Credit Counselors Revealed: 7 Important Questions To Ask Before Hiring One
If you're about to use a credit counselor, chances are you're already in a credit crunch. The last thing you want to do is get buried deeper in debt by choosing the wrong person or firm to help.
When you use a credit counselor, you invest a lot of trust that the person on the other side of the table will have the experience and expertise to help you get out of a jam you can't see a way out of on your own.
So, when you've chosen a counseling firm to visit in hopes of using its services, you should come armed with a series of questions to make sure it's right for you. The answers to those questions will help you in picking a credit counselor - or in deciding that it would make more sense to seek help elsewhere.
The best place to start - and potentially stop - is with this question:
What services are offered by your firm?
The answer is vital to whether there's any point in sticking around. The organization should offer a wide range of services, including education about debt, budgeting and alternatives for handling debt. If the sole focus is on a debt management plan, it's best to look elsewhere. While that could be the proper solution in the end, you need to find a counselor interested in exploring all the potential options.
Other filtering questions would be:
Do you have some educational materials I can read about debt problems?
Such information should be readily available and provided for free. If you are asked to pay for basic information like that, you should look elsewhere.
When we make a plan, will it include tools to help avoid a similar situation in the future?
A reputable credit counselor will not only look at your current predicament, but aid you in moving forward. They should want to make sure you don't you get into the same jam again.
How much do you charge for your services and what if I can't afford to pay right now?
Many agencies have a set-up fee and monthly charges while you are working with them. They should put those in writing before you sign up. In addition, you should be able to find a qualified counselor at an agency that will be able to provide service regardless of whether you can pay.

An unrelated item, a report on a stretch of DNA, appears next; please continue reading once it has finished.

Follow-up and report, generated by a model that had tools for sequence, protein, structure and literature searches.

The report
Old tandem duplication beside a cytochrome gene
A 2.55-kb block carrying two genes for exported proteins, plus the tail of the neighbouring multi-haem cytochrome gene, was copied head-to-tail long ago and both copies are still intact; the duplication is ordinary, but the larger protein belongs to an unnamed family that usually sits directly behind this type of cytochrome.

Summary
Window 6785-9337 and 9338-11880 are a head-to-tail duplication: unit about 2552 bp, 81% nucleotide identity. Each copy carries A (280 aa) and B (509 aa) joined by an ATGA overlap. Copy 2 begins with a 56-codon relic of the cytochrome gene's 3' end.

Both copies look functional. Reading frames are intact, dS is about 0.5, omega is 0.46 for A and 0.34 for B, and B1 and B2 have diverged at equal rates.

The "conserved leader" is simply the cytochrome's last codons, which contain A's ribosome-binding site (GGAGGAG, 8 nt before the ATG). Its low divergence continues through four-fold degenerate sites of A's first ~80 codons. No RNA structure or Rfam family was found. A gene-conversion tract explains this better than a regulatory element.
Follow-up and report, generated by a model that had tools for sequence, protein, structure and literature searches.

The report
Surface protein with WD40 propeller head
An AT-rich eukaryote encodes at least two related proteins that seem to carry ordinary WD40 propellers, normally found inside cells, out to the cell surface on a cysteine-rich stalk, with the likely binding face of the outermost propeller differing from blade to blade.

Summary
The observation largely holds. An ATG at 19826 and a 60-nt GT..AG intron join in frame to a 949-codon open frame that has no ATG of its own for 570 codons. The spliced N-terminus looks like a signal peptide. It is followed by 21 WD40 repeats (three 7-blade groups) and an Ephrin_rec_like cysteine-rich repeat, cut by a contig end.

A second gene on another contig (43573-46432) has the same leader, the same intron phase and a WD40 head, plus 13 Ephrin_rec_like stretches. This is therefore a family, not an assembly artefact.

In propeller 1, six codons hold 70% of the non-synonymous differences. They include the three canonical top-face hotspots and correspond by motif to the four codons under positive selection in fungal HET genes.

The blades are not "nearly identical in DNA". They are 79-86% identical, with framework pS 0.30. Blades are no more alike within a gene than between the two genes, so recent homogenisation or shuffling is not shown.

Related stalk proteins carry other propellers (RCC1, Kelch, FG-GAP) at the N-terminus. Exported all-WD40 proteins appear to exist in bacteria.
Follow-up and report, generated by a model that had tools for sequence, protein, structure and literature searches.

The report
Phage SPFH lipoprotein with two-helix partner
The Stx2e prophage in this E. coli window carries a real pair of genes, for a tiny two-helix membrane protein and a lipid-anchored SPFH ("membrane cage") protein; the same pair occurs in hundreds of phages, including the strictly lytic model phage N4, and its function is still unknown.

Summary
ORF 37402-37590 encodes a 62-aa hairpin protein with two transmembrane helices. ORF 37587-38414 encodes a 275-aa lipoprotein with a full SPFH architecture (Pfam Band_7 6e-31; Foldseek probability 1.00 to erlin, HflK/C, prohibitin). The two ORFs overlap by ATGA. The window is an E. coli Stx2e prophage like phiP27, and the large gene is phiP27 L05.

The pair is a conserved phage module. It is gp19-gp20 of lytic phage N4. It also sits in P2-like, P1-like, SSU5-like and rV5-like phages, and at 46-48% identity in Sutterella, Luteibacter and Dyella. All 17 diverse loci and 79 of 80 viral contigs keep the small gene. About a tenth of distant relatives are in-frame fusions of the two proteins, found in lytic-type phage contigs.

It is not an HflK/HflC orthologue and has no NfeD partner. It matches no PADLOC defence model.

Verify their qualifications
Ask about what the agency is accredited by either the National Foundation for Credit Counseling or the American Association of independent Credit Counseling. In addition, take pause if an agency tries to sign you up for their services without having had a thorough conversation about your situation.
And you should ask these questions, too:
Are you certified to provide counseling services and, if so, by whom?
It's important to know your counselor has a certification from an accredited organization in the type of work they are doing. If they do not have a certification, ask where they received their training. Ideally, it would be from a credible outside source.
How are the employees at the counseling firm paid? Do they receive bonuses or additional pay for signing me up for additional services?
If the answer is that employees are working on some sort of bonus system, you should go elsewhere. Their interest should not be in how much business they drum up from you, but in how to best resolve your situation.
Are there any creditors your agency does not work with? If so, which?
If they are companies you owe money to, it's important to know how those debts will be handled.
When I put money in an account for you to pay my creditors, how much of that goes to them and when?
You need to know how your debts are going to be resolved. And not every organization handles those payments in the same manner. Indeed, some less reputable firms might even keep your first payment, or more, as compensation for their work.
In addition, you'll want to be sure that you get all proposed fees in writing. And don't sign any agreements until you have read what you are agreeing to and understand what it says.